Here Ktlyn highlights an important point. While many leaders and organizations are now recognizing the importance of youth voice, in decision making and community, we cannot forget that all of us need an ally. We need an ally to challenge us and a mentor that shares our vision and passion for changing our society’s approach to inclusion and diversity.
Today, Ktlyn has a long list of incredible achievements we are happy to share. To start, Ktlyn has been a successful entrepreneur and business owner who has shared her passion for food and community. She also provides respite for individuals who have a disability and also works part-time as a cook. She shared with us that even though her, “work life doesn’t necessarily connect to her passions for inclusion, her values and the choices she makes on a daily basis do.” Ktlyn also mentioned that she has continued to take things that she learned from her involvement with Re:Action4Inclusion with her into her professional life. She said,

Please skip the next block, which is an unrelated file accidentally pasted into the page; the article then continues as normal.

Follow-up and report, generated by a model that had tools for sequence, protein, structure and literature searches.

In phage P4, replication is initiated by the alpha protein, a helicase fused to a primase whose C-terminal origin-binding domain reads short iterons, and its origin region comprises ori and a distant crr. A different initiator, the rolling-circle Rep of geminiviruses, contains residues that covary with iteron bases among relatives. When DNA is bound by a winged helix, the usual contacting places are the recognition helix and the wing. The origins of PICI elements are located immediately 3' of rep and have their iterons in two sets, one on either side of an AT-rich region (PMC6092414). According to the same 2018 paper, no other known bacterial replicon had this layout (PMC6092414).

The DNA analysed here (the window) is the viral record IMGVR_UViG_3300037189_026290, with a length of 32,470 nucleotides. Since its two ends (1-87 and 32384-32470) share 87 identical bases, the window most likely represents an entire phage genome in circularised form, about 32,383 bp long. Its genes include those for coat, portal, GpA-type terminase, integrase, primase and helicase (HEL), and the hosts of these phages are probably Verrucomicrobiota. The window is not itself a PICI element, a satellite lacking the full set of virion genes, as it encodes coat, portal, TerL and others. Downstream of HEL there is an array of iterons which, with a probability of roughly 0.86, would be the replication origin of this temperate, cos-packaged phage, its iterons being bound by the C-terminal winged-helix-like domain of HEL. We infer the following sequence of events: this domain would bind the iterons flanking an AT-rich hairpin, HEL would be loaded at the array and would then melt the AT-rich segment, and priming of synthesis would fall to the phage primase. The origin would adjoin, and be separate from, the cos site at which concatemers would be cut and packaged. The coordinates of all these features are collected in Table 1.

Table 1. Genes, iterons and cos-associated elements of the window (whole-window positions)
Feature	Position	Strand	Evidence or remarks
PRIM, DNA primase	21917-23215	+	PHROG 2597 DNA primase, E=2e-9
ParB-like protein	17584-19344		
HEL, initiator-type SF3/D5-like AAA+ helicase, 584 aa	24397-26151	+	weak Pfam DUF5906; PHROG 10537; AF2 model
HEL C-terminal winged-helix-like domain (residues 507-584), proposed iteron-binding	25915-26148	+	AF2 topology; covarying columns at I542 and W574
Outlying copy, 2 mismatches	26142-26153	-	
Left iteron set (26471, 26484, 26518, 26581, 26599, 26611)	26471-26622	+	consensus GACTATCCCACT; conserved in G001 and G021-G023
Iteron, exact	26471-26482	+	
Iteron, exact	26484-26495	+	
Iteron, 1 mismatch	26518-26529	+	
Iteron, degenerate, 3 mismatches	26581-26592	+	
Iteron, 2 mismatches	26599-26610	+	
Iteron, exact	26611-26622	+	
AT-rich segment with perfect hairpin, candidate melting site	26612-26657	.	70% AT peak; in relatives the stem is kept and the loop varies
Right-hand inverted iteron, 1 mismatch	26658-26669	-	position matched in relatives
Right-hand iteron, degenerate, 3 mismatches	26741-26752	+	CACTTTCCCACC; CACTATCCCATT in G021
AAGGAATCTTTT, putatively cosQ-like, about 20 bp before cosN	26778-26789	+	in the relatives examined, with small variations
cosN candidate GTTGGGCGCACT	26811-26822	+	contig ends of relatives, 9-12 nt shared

“The movement changed how I interacted with my community. I had walls up before and this allowed me to look differently at the people around me. I always believed in inclusion, in being involved and in supporting members of the community. But the relationships that I developed with people, through my involvement in this movement, gave me the confidence that later enabled me to start my own business. I was encouraged to be myself and was given a voice. I want to continue to share that and give that back to my community on a daily basis.”
Ktlyn and Mike at the Toronto Summer Institute 2011
Having known Ktlyn for a long time, we were not surprised to see that her values for community, inclusion and equality would shine through in not only her words but in her daily tasks as well. While our high school years can be some of the hardest, Ktlyn’s story demonstrates how much of an impact people can have on one another. Ktyln said,